Saturday, March 24, 2007

Questions of Scale and the Uncertain Origins of Life

by Tom Bozzo

Someone left last month's Wired at the gym, in which a variety of scientists and science journalists took on Big Unanswered Questions. Then there was Gregg Easterbrook, assigned to the question, "Where did life come from?" His review of the classic abiogenesis experiments starts off almost as if he doesn't have an ax to grind:
Famously, in 1952 Harold Urey and Stanley Miller mixed the elements thought to exist in Earth’s primordial atmosphere, exposed them to electricity to simulate lightning, and found that amino acids self-assembled in the researchers’ test tubes. Amino acids are essential to life. [Link in original.]
You might think, hey, that's pretty cool! And pretty neutral so far, even if he doesn't mention that followers-on have managed to synthesize all the protein-forming amino acids in the lab. But pretty soon, Easterbrook is reminding us what those smarty-pants scientists didn't do, as if he were writing a Conservapedia entry with slightly above-average balance:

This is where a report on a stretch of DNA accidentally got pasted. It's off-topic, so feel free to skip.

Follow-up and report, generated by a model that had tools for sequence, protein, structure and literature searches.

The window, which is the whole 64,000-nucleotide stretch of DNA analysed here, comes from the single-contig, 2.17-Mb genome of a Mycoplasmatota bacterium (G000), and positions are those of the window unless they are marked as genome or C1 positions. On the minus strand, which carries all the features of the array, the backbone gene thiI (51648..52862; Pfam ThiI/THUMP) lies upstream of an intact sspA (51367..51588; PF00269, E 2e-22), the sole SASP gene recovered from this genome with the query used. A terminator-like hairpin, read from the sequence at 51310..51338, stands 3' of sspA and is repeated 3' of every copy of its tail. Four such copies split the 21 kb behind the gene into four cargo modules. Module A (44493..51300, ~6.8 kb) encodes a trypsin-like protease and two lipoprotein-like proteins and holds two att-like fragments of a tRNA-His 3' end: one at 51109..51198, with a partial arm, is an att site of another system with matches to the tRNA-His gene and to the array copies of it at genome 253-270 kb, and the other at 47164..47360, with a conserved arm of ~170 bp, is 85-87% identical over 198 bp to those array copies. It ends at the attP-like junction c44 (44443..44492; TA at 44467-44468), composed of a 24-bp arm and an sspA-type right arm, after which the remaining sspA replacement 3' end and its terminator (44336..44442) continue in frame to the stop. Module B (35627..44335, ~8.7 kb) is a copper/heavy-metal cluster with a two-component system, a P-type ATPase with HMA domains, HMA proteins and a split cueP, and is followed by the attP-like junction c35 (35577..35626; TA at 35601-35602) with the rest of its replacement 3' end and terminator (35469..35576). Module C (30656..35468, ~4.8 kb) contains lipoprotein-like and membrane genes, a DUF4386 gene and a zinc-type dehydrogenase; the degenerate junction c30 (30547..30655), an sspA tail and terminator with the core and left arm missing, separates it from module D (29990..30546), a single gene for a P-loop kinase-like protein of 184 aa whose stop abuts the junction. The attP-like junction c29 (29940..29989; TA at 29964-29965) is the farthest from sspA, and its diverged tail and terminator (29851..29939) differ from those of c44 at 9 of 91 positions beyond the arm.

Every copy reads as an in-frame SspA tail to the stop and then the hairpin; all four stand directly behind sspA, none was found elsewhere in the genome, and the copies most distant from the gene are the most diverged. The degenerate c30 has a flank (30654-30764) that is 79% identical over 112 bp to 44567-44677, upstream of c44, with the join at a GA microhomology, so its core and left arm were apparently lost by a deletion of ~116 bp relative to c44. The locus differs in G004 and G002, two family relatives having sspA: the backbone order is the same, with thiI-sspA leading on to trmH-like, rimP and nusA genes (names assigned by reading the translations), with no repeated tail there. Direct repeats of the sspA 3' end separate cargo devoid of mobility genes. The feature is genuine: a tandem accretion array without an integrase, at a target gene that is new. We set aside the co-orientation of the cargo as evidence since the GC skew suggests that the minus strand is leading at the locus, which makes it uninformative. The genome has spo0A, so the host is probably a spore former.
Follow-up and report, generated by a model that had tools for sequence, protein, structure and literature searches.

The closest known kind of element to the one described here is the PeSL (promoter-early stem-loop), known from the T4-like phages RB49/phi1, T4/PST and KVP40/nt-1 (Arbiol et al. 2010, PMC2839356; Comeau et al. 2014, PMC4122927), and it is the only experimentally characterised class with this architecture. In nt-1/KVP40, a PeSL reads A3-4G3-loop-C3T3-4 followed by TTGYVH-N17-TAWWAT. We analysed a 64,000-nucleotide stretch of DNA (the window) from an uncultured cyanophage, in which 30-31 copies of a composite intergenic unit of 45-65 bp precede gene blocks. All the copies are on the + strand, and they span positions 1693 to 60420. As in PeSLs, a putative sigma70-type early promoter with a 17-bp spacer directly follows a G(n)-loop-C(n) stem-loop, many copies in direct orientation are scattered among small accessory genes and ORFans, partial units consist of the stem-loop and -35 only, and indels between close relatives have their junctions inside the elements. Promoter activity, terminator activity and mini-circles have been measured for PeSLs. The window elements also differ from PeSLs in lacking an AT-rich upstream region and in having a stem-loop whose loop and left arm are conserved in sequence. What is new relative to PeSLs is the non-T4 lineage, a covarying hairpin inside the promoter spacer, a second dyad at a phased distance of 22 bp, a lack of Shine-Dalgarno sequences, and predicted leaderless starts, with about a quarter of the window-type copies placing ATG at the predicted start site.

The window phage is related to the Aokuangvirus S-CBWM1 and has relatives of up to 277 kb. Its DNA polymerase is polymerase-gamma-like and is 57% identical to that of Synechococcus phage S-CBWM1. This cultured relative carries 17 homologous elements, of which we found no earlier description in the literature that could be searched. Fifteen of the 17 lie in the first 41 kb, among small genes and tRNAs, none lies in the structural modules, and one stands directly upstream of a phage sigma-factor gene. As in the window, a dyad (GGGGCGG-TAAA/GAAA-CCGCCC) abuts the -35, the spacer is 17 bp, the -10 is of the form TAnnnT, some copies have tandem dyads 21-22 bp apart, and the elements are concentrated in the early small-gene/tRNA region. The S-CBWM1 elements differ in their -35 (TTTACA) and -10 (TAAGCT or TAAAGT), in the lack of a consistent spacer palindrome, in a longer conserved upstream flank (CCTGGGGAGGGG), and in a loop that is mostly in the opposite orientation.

[Easterbrook, continuing directly:] But the ones in the 1952 experiment did not come to life. Building-block compounds have been shown to result from many natural processes; they even float in huge clouds in space. But no test has given any indication of how they begin to live - or how, in early tentative forms, they could have resisted being frozen or fried by Earth’s harsh prehistoric conditions.
The thing Easterbrook might have noted, in a universe where he wasn't a hack, is that the "natural experiment" on Earth played out on a vastly greater scale. I'm too lazy to look up how much primordial soup Urey, Miller, and other researchers in the area sought to make (*), but let's assume for a realistic figure something on the order of a cubic meter (perhaps a lot less — that's a thousand liters, after all), allowed to stew for a relatively short time — on the order of weeks or years at most. Earth's oceans, meanwhile, have a volume on the order of a billion (10^9) cubic kilometers, or about 10^18 cubic meters. So imagine a quintillion versions of these experiments running simultaneously and interacting with each other. Moreover, nature ran its "experiment" for hundreds of millions of years.